"We have so far registered nearly 400 Christian families who have returned to their houses and jobs, and resumed normal lives thanks to the deployment of security forces," said Jawdat Ismaiel, head of the Ministry of Displacement and Migration in the province.
"Christians are no longer fleeing the city. Instead, more are coming back, especially when they hear that those who have returned are no longer being threatened and have resumed their daily life," Ismaiel said.
Jamil Zaitoni, head of the Assyrian and Chaldean Council, an NGO in Mosul, hailed Iraqi government efforts to ensure security.
"Thank God, Christian families have begun returning to their homes. We expect them all to return over the next few days," Zaitono said, adding that no threats or violence had been registered against any of the returnees thus far.
The Iraqi government on 30 October said it would offer each returnee Christian family one million Iraqi dinars (about US$865), and 300,000 (about $250) to those still displaced, according to Ismaiel.
He also said the government had granted Christian government workers and students leave of absence from work and classes until 1 November.
By 3 November, he said, 115 displaced Christian families had received a one-off payment of 300,000 dinars; his teams hoped to reach about 200 other families on 4 November. The one-million-dinar payments were expected to be made soon.
In a speech at a conference in Baghdad on Islamic-Christian dialogue on 3 November, Prime Minister Nouri al-Maliki pledged to protect Iraq's Christian minority.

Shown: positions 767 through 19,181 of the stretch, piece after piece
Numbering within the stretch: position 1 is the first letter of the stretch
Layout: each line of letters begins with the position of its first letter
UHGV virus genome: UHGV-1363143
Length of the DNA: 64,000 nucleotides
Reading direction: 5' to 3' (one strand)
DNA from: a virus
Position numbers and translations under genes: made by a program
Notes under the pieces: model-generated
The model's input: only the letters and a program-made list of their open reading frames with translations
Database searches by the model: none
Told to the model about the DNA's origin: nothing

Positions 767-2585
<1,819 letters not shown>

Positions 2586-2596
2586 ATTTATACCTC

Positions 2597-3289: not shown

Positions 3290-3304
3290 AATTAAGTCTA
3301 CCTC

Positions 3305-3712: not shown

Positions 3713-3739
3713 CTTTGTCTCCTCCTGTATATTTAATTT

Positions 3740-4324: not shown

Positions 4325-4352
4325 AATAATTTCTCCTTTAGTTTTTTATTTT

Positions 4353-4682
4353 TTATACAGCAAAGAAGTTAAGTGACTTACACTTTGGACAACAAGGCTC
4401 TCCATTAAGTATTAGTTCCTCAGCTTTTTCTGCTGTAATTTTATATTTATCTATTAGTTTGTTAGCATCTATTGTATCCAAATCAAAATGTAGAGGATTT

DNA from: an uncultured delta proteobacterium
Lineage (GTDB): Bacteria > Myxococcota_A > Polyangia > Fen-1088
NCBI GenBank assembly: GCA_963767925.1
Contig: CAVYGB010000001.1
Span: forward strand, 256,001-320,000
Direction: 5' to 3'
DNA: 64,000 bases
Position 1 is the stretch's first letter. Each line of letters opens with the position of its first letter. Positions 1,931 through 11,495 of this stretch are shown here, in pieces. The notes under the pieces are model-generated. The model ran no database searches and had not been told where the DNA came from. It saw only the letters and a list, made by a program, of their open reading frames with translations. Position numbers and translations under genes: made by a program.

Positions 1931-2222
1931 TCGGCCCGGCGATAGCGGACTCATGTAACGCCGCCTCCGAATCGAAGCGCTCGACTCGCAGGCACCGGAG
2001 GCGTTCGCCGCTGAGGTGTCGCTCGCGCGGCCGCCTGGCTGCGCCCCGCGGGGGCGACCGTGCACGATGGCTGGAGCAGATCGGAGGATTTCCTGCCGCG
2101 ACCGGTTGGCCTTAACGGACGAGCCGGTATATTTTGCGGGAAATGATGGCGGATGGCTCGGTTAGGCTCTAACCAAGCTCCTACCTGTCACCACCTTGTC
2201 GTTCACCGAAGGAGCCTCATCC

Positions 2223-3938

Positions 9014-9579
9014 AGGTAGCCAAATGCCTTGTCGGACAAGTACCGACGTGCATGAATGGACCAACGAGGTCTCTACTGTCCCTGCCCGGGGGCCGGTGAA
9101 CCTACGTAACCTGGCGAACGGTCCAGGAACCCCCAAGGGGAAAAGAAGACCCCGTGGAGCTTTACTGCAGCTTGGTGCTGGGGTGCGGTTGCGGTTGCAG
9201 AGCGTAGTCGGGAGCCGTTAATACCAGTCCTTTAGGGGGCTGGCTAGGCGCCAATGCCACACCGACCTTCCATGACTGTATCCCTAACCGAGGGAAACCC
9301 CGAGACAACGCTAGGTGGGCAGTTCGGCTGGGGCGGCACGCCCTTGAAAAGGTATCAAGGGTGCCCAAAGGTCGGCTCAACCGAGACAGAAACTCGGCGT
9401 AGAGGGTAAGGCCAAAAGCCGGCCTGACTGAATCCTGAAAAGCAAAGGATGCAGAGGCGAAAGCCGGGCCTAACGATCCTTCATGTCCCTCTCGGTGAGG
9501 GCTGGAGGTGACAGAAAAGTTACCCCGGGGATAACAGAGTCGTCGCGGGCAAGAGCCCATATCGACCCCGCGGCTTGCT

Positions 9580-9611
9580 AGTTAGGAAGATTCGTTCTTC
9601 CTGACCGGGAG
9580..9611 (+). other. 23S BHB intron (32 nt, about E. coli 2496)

"We all feel ashamed that such disgusting events take place in Iraq where one man kills another for reasons of identity or religion and ethnic background," al-Maliki said.
"We will make all efforts to keep our Christian brothers honoured and respected in Iraq, for they are an essential component of its society," he added.
Anti-Christian violence in Mosul, the provincial capital of Ninevah, some 400km north of Baghdad, erupted on 4 October when gunmen started targeting Christians and threatening others, forcing them to leave the city.
The UN refugee agency (UNHCR) estimated that more than 2,200 families, or some 13,000 people, fled their homes.
It said this represented about half the province's Christian population. Some 400 families had crossed the border into Syria, while others had gone to safe areas to the north and east of Mosul and to neighbouring Dahuk, Arbil and Kirkuk provinces.
No group has claimed responsibility for the attacks, but Sunni extremists are believed to be behind them.